Living Wage back on the budget agenda in Leeds – but don’t hold your breath

The Living Wage Foundation logo

Not yet, we aren’t

Another budget, another unmissable opportunity for the opposition in Leeds City Council to use the “living wage” as a stick with which to beat the ruling Labour Party.

Last year it was the opposition Conservative Party who tabled an amendment, lecturing Labour leaders that it was about time the “living wage” was introduced at the council.

This year it’s the Lib-Dems who have tabled an amendment to the 2014-15 budget (that gets debated and passed tomorrow) calling for an end to “the scandal that means over 1,500 council staff receive less than the ‘living wage’ of £7.65 an hour”.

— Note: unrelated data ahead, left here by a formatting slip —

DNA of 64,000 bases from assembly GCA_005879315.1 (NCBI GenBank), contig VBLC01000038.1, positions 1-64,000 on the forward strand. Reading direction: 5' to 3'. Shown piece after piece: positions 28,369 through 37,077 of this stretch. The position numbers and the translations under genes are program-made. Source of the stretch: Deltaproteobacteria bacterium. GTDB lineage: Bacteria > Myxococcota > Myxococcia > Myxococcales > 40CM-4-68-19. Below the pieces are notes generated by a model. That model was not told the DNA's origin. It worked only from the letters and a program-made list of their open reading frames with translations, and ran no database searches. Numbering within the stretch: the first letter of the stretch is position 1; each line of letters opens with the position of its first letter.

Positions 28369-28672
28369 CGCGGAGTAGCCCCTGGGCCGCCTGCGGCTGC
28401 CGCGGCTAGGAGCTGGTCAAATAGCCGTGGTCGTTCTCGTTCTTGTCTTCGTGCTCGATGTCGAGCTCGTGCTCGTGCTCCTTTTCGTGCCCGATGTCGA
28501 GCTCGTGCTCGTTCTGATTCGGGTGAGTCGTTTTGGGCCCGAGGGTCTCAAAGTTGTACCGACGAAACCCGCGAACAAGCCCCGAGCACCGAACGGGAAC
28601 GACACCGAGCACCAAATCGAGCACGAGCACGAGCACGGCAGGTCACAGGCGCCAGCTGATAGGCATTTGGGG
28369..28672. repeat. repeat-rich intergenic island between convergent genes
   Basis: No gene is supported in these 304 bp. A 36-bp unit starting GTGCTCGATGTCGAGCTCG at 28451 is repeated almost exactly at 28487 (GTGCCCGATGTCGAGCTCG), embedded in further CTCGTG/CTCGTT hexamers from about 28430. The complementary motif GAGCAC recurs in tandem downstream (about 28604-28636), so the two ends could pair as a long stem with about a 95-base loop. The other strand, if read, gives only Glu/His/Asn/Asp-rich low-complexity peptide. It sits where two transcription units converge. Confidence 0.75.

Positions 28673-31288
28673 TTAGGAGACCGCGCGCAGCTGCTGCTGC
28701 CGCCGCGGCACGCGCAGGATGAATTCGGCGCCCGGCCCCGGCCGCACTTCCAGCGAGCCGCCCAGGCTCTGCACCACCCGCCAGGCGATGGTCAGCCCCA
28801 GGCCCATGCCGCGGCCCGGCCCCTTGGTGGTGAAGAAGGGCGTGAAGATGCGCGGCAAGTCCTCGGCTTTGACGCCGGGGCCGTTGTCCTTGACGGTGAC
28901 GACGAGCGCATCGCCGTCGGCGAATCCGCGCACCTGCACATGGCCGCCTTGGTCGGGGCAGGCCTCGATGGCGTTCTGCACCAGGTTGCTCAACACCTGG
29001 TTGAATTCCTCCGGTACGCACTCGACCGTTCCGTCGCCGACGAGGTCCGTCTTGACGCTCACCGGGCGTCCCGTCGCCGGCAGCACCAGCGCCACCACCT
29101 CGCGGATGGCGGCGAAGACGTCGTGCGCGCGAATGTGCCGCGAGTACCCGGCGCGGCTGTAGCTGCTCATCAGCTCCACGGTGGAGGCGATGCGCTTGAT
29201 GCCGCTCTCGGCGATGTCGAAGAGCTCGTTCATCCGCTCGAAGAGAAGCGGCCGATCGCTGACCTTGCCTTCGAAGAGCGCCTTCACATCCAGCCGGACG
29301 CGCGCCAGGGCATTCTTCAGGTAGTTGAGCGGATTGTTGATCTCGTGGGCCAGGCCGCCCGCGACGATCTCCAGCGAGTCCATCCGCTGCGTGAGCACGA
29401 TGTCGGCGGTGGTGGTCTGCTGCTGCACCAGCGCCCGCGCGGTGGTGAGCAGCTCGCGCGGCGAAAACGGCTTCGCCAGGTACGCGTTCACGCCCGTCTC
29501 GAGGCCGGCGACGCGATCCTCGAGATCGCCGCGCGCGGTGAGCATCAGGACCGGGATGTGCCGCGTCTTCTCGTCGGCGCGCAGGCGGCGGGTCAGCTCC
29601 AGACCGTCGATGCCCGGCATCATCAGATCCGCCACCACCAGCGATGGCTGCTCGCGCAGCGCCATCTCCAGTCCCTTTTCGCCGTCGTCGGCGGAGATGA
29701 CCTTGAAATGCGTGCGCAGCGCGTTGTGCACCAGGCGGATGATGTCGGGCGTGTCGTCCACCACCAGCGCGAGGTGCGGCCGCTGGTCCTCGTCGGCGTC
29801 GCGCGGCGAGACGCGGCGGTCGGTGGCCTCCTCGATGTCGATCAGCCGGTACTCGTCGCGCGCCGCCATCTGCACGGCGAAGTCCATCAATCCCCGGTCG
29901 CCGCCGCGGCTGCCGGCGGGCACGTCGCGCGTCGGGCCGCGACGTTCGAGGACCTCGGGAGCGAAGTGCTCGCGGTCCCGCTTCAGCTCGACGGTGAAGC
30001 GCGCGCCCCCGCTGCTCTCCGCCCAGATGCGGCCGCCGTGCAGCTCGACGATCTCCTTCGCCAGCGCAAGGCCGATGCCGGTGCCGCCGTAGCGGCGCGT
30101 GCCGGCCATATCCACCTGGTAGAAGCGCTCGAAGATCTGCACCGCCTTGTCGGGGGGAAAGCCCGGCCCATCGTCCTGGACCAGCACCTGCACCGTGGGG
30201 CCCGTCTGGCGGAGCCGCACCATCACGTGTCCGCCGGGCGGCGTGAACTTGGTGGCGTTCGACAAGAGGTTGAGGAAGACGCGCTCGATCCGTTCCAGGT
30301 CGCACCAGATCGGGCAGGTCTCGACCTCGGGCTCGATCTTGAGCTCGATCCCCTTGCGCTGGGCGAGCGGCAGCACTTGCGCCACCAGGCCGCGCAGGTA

Like the Tory one last year, this year’s proposal will be voted down by the Labour majority.

“Hang on,” I hear you ask, “isn’t the Living Wage a key LABOUR Party policy? Isn’t it what Ed Miliband and his crew are always banging on about? How come it’s the Con-Dems who have been pushing it in Leeds and not Labour?”

Well, it appears that pronouncing about the Living Wage as a matter of policy principle or from the moral high ground of opposition is one thing, making it happen and sustaining it at one of the country’s biggest councils in the current economic climate is another.

Ask the Labour-run council in neighbouring Bradford. They carried out a pretty exhaustive enquiry into the issue last year and came up with as many questions as answers (check out the Key Findings of their report).

Two-tier wage policy?

What’s the problem?